Jean: Let me just try to capture that because what you just talked about is sort of knowing your short term goals that you can realistically achieve versus maybe a more long term destination you can get to. So can you, can you just help us frame those two things so that we can try to understand and help the motivation internally.
Mark: I'm trying to think of a decent analogy for this. I suppose drug discovery is not a bad one. So most pharmaceutical companies will spend an enormous amount of time testing and it takes a long time to do that and can be very expensive. But at the end of the day they end up with a product they can sell. So it starts with some simple experimentation. The experimentation goes to bigger sample sizes, bigger groups. It goes through regulatory hurdles. It goes through further R and D, further refinements, different models of efficacy, different animal testing. Perhaps if that's still done, which I fear it might be, until such time as a drug is then available to make people better. Now the same sort of approach applies with the, with so called new technology. And one would argue that AI has existed in principle for about 75 years actually. So start small, test principle, see if it works, roll out more safer works, test principle, move towards the product at the end that delivers the benefits.
Jean: And this is going to be my last question and I want to shift the focus from the consumers point of view. Do we know anything about how they are deciding what they prefer to use, you know, is it privacy, security, whatever will, what do they really care about?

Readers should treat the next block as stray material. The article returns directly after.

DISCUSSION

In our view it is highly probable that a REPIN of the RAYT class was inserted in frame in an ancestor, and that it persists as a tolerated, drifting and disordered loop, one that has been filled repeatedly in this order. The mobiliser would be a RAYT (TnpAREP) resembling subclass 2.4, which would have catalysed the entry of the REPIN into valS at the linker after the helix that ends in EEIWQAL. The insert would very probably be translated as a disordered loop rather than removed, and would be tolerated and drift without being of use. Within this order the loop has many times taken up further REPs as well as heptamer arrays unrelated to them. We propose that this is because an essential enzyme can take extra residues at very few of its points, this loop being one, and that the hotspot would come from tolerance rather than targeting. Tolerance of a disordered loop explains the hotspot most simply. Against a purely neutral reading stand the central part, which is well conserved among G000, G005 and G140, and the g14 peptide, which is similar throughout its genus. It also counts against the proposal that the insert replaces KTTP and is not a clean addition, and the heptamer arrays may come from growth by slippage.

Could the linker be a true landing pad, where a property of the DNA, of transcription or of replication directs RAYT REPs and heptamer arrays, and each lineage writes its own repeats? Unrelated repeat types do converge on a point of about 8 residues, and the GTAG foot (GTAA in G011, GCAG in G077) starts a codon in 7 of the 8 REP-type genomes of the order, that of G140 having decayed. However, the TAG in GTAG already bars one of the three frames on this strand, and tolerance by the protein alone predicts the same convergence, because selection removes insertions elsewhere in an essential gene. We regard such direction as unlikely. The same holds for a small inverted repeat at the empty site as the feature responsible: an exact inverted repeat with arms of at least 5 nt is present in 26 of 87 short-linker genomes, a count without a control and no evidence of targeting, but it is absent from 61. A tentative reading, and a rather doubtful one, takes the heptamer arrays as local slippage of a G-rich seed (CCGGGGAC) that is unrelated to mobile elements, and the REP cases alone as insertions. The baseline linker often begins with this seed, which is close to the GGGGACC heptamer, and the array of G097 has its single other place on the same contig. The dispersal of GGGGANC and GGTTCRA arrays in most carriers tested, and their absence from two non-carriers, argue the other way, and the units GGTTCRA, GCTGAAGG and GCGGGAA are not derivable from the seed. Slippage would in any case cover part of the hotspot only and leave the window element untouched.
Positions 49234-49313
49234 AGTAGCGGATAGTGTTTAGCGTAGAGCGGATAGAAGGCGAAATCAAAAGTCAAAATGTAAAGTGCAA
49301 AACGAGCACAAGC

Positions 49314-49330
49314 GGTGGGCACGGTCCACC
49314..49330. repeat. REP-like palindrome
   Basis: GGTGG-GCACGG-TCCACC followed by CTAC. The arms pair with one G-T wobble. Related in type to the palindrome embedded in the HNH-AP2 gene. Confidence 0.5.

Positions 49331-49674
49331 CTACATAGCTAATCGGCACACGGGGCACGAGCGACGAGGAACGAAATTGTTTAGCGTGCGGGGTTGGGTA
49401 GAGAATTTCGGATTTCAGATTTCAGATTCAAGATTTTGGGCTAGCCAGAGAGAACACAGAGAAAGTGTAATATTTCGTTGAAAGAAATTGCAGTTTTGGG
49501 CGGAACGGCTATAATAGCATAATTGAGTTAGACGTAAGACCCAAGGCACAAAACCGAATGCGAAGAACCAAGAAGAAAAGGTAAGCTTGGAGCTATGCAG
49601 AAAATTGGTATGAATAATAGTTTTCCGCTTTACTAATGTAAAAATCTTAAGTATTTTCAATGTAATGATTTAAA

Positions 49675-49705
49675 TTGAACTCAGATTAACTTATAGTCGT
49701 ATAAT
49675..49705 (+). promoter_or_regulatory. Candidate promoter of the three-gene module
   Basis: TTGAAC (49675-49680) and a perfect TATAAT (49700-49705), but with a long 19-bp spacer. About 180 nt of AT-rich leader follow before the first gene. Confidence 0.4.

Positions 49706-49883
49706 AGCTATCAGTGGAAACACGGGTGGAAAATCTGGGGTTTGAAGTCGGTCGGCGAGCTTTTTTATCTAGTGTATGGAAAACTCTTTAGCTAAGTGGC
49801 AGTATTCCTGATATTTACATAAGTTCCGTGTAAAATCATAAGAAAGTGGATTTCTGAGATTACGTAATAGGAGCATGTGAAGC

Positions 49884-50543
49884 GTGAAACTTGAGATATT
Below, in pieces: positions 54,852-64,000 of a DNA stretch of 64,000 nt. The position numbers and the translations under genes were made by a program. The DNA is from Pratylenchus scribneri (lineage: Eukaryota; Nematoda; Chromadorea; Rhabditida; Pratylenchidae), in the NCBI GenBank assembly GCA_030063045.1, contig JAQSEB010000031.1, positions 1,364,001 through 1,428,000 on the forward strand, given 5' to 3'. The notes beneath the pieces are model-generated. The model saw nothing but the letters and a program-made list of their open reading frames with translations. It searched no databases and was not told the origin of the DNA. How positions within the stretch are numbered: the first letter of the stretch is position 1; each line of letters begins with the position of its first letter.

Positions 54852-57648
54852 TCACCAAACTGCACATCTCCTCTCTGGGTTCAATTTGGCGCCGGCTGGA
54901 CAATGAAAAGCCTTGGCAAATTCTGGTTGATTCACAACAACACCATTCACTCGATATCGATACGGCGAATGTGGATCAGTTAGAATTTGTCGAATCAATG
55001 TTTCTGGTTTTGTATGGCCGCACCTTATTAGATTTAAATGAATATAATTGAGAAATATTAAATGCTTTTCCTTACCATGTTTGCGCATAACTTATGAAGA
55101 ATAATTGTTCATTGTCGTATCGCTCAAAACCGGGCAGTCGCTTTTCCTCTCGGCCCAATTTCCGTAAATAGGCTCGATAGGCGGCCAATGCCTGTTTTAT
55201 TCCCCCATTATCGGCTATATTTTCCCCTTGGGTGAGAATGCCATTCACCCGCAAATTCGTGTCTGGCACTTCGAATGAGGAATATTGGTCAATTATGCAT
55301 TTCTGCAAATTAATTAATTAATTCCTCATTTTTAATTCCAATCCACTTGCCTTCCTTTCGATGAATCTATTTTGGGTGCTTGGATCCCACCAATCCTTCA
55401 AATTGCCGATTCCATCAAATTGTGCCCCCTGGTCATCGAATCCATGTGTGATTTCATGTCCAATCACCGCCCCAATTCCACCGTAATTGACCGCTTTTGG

Mark: That's an interesting question. And one of the things that I find most fascinating about my career is I'm old enough to have began working in an organization where I had a typing pool, and I'm not joking, I used to have a Dictaphone, which is a small plastic rectangle with some tape in it. I used to speak into this thing and my words had been magically recorded and then placed in an envelope and man called Frank would take that and he would move it to a typing pool and maybe 48 hours later I'd get back a piece of paper, which I'd correct. And another day later I got that back. And then I have to find an envelope and a stamp and I put it in the post, Christ. This is not that long ago, right? This is 25, 27 years ago. Not even that long ago. So 25, 27 years ago, your means of communication were pretty much a letter and phone call. Email [later]. But I'm also old enough to remember my late twenties when I asked a group of well-paid chemical engineers in a room, how many of them had email addresses and two hands went up. So, it was slow. It's slow progress. You know, the postal system, 200 years, you know, telephony, a hundred years. Email, maybe 30, something like that. Text messaging, sort of 25 ish. And then now it's gone boom. So you have hundreds of instant messenger platforms. You have people using communication methodologies that, you know, are almost unbelievable. You have thousands of different channels. If you choose to dictate terms to your customer, then that is wrong.